The city council passed the property acquisition in a 5-1 vote. Councilmember Rory Paine Donovan had an excused absence, while Councilmember Rick Ryan voted “nay.”

In other business, the city council and City Engineer Meredith reviewed traffic-calming methods for the Safe Routes to School Project at 216th Street Southwest and 48th Avenue West.

Meredith explained that the proposed changes to the intersection are industry-standard best practices for traffic management and consider the terrain on which they are being used. 

He said speed bumps are not used because they slow emergency vehicle response times and can create a launch effect when approached at high speeds.

Meredith said that adding stop signs would take the project out of scope and potentially create other traffic flow problems.

The city council also approved an amendment to the Snohomish County 911 interlocal agreement. The proposed changes include the process for selecting governing board members and alternates and the elimination of the single non-voting board seat. Two additional non-substantive changes more closely align with how caucus voting has been managed post-pandemic and eliminates the term “Wireless Technology,” which is no longer a department at SNO-911.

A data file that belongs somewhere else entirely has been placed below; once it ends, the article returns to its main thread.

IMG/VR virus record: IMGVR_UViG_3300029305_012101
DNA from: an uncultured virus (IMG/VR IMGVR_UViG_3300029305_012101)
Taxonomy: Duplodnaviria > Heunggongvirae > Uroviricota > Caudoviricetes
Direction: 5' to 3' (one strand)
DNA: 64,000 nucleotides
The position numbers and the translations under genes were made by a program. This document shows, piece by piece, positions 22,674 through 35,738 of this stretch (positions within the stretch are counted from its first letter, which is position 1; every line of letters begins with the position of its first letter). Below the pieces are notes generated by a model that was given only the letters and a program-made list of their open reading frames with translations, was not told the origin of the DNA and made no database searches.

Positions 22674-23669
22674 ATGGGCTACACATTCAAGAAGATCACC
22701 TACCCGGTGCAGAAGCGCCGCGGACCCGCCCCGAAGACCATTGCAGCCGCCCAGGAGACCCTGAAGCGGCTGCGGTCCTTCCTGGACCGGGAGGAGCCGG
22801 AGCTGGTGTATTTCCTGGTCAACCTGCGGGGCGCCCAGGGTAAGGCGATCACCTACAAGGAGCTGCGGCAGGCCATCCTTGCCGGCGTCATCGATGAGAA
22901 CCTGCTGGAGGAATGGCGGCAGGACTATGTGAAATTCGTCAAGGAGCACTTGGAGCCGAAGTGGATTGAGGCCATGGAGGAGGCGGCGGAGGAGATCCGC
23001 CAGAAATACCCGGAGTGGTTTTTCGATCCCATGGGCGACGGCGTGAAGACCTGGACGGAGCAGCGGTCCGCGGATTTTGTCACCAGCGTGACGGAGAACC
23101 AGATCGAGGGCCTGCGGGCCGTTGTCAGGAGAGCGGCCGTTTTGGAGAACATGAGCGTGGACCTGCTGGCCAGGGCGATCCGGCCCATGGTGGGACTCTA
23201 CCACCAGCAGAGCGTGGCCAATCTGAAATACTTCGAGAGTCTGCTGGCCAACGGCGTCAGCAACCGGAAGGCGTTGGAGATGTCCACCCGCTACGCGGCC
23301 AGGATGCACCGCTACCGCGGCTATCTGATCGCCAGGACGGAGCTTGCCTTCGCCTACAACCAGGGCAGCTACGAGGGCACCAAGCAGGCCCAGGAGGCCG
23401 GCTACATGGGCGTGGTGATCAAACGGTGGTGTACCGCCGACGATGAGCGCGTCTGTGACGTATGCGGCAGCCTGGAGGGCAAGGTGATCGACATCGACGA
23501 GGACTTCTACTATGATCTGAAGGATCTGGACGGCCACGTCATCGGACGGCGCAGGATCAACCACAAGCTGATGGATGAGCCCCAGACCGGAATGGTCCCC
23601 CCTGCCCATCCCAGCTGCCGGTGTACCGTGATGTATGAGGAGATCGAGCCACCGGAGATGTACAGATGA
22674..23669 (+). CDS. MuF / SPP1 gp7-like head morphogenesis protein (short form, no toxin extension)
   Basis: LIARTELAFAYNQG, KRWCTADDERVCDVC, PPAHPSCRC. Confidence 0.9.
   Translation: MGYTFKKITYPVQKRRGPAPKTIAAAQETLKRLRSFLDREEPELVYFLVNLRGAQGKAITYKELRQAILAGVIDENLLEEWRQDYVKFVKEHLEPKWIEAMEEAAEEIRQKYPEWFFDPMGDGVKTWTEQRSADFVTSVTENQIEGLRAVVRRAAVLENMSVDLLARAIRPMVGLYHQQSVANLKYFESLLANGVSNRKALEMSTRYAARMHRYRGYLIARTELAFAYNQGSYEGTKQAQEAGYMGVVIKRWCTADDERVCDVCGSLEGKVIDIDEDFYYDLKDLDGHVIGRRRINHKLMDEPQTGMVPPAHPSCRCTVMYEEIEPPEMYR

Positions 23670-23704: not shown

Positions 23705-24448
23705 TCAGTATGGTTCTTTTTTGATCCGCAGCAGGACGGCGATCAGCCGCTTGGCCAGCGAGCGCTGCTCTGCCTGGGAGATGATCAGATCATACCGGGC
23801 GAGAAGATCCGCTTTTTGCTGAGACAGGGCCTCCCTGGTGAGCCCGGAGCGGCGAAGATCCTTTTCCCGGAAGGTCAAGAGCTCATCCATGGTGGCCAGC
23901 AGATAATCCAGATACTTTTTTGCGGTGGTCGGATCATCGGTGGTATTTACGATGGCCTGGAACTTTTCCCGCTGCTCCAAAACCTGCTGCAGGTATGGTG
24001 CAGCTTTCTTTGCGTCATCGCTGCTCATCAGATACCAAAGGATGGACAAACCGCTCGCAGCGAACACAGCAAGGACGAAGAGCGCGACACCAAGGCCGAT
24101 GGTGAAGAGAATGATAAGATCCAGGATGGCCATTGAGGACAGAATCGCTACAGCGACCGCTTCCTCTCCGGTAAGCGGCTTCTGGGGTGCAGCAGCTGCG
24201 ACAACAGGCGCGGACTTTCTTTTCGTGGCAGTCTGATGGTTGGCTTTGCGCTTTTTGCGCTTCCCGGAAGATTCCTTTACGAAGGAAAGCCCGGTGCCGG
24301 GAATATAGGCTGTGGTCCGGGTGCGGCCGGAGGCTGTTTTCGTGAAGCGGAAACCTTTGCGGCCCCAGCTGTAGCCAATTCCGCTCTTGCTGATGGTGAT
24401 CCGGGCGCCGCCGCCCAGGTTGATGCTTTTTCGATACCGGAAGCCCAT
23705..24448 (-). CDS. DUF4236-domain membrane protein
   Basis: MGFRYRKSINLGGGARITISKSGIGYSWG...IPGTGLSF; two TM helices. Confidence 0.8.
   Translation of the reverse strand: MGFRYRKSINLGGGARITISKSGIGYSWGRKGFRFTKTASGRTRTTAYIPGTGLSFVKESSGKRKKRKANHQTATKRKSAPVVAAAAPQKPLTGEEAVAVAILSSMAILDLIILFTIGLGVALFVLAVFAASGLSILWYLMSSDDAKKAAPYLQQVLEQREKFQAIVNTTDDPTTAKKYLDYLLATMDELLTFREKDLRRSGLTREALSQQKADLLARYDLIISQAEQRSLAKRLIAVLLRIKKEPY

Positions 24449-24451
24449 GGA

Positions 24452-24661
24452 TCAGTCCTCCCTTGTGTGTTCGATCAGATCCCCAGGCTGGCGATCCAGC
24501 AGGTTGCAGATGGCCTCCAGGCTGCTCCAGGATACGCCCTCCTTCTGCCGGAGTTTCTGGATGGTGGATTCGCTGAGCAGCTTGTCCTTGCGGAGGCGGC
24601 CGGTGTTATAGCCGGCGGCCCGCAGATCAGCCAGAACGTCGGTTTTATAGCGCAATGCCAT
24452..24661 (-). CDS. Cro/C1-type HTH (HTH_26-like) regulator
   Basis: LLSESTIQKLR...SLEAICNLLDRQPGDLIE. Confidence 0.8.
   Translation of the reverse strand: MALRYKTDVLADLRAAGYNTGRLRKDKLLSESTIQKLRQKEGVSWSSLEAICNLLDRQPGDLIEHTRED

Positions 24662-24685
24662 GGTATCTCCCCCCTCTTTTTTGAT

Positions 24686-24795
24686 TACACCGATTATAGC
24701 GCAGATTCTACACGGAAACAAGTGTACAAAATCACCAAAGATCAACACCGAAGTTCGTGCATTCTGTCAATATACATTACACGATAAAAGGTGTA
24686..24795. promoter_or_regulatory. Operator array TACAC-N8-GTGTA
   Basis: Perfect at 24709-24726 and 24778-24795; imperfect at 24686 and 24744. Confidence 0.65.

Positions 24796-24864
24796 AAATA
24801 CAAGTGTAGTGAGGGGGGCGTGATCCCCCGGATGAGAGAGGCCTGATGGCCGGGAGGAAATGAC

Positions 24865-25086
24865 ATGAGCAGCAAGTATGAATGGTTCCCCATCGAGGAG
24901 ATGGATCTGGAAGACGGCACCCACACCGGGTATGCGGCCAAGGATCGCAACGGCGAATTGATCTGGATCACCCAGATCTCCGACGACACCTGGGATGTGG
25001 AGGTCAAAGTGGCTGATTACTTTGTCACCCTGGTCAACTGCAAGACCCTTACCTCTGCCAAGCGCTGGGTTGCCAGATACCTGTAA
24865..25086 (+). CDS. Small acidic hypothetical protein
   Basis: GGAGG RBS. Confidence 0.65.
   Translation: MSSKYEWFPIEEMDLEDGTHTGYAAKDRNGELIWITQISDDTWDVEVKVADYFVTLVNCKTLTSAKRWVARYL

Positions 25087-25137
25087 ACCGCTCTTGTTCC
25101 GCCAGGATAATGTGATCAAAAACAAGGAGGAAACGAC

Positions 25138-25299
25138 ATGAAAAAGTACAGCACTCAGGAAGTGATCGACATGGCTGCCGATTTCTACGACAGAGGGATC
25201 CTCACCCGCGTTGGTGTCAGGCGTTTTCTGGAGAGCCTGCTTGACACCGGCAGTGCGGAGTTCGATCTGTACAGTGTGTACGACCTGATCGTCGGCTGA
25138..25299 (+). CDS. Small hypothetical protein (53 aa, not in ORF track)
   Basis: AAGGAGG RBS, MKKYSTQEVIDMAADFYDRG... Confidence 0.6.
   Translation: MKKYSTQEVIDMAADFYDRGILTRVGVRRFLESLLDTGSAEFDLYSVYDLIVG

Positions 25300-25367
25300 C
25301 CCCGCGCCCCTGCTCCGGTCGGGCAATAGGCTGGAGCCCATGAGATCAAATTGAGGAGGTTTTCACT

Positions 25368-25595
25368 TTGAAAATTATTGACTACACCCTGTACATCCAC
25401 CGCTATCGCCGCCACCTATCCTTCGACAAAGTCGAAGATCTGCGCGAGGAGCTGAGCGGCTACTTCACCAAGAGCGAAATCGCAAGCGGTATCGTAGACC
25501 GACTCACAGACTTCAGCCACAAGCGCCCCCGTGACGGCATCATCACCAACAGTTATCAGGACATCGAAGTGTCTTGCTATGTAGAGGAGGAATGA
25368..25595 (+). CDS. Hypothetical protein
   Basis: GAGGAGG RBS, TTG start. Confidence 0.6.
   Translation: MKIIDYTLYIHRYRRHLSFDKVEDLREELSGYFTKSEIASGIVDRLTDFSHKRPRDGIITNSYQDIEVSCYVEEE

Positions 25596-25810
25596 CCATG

L-R: Hannah, Elliott and T.C. Meier receive the proclamation for LGBTQAI+ Pride Month from DEIC chair William Paige Jr.

The city council also issued proclamations honoring LGBTQAI+ Pride Month and Juneteenth during the June 6 meeting.

The Meier family, including Hannah, T.C., and Elliott, accepted the proclamation for LGBTQAI+ Pride Month. Hannah Meier is a former Mountlake Terrace Diversity, Equity and Inclusion Commission member.

Members of the Sno-Isle Library accepted the proclamation for Juneteenth from Councilmember Steven Woodard during the June 6 city council meeting.

Councilmember Steve Woodard delivered the proclamation for Juneteenth, which marks the day which enslaved Blacks were freed under the Emancipation Proclamation in 1862.

Due to time constraints, the city council voted to reschedule the review of proposal requests for a long-range financial sustainability consultant.

The next meeting will start at 7 p.m., June 13, at Mountlake Terrace City Hall, 23204 58th Ave. W., Mountlake Terrace.

To attend the meeting online, visit zoom.us/join and enter meeting ID 810 1113 9518; no passcode is needed.

To make a public comment remotely, complete the registration form within 24 hours of the meeting’s start at cityofmlt.com/FormCenter/City-Council-17/Remote-Public-Comment-Request-Form-12

To listen via telephone, call 1-253-215-8782 and enter the same meeting ID.

You also can view livestreamed meetings and past video recordings at www.youtube.com/cityofmltThe agenda can be viewed here.

— By Rick Sinnett